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The Splendid Table’s How to Eat Supper

splendidtable

Last night, I picked up a cookbook I had bought a while back but hadn’t cooked from yet because I have been too obsessed with my own book. But five months after publication, I think it’s OK to start dabbling here and there into other books (then why do I feel slightly guilty?).
 
It was love at first scan! “The Splendid Table’s How to Eat Supper” is fantastic. First, because I admire its co-author Lynne Rossetto Kasper so much (see page 52 in “The Family Dinner” for her wisdom on beans) and second, because it is so chock full of great advice, ideas, recipes, and inspiration. Pouring over a cookbook like this is like taking a mini-vacation to a wonderland. You learn a lot, you relax, you feel nourished.
 
Lynne and Sally Swift (her co-author) entertain us regularly on their award-winning public radio show, The Splendid Table, and their cookbooks reflect their amazing gifts. Lynne is a walking encyclopedia for cooking, and she can rattle off the top of her head pretty much how to make anything. Listeners call her with questions and she always has the answer. Kind of amazing since I remember nothing and need a recipe even if I have made the dish five times! Their recipes are simple, many just common sense, and the food is always delicious.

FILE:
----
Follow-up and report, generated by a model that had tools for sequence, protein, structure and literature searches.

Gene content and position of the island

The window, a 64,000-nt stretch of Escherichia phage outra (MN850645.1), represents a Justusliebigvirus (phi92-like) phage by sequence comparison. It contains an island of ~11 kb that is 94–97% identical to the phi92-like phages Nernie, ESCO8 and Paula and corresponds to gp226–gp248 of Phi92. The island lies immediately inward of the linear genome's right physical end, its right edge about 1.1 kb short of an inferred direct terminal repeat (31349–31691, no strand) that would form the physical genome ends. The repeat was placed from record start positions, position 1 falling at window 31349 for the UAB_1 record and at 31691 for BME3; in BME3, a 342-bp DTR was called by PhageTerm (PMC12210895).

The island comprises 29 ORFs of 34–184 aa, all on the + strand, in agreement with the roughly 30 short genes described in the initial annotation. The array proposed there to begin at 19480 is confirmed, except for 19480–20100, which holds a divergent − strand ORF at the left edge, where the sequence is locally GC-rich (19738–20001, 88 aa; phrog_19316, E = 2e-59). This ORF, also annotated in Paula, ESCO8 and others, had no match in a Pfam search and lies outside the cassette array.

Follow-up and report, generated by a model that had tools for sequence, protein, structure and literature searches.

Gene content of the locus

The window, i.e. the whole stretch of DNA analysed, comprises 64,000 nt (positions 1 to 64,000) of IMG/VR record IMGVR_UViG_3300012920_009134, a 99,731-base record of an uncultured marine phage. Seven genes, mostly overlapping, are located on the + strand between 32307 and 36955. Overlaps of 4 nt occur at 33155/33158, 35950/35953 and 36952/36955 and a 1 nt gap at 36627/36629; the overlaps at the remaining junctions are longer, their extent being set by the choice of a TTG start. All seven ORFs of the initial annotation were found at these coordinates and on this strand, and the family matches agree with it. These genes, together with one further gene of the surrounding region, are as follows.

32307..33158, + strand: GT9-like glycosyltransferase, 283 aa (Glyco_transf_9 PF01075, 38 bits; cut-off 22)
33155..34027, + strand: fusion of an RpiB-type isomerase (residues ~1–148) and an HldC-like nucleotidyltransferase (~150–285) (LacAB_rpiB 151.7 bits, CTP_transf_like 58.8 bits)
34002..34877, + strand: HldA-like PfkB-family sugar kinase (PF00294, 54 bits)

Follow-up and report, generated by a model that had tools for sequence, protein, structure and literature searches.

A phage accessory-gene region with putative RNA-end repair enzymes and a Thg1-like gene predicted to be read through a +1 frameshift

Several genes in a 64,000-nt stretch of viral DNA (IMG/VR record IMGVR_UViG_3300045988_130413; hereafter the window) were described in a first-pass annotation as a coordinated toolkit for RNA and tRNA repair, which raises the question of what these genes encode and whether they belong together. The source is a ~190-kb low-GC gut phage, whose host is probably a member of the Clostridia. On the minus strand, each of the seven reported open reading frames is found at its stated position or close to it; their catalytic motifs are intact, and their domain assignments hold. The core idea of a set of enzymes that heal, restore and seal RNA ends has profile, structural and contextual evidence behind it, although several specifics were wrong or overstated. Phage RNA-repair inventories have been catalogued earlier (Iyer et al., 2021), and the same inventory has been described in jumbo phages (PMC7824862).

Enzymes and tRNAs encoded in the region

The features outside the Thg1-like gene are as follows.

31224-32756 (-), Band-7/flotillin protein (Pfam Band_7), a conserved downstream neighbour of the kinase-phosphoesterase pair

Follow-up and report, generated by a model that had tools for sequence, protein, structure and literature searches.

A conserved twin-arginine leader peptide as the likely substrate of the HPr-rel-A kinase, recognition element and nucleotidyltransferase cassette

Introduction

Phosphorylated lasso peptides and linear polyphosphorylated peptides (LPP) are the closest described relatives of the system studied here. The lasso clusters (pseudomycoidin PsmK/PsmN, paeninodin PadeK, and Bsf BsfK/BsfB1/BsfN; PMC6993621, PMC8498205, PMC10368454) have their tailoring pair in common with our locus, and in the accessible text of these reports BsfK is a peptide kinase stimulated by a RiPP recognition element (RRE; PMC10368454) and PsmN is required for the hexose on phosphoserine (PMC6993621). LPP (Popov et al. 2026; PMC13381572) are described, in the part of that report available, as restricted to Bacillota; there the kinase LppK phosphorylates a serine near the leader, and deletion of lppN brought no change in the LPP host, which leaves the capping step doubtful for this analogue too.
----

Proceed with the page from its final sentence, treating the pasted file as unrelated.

Last night, I made sweet roasted butternut squash and greens over bowtie pasta (page 169). As is typical for me, I messed up a few things. I am not cooking if I don’t put in an ingredient out of order or forget one altogether. This time I improvised with herbs I had growing out back, and substituted whole wheat penne for bowtie.
 
The result: I am not joking, my kids couldn’t stop eating. At one point, I remember saying, “Hey guys, maybe you’re done now!” I didn’t want them to explode. This particular night it was just the three of us, so instead of sitting at the kitchen table, I set the small divider bar with placemats, candles, the pasta and a fresh salad picked an hour earlier from my small backyard garden. My oldest teen was even, dare I say, friendly. The high for me though was running to an event after dinner and leaving both girls in the kitchen, chatting it up and doing all the dishes. Why does that make a mother’s heart so warm?

 

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One Response

  1. Bobbe says:

    I have to agree with you, it is a great book. I had read it in a book store recently, but since I’d vowed to slow way down on my book buying I couldn’t ring it up. I may have to rethink my commitment…………

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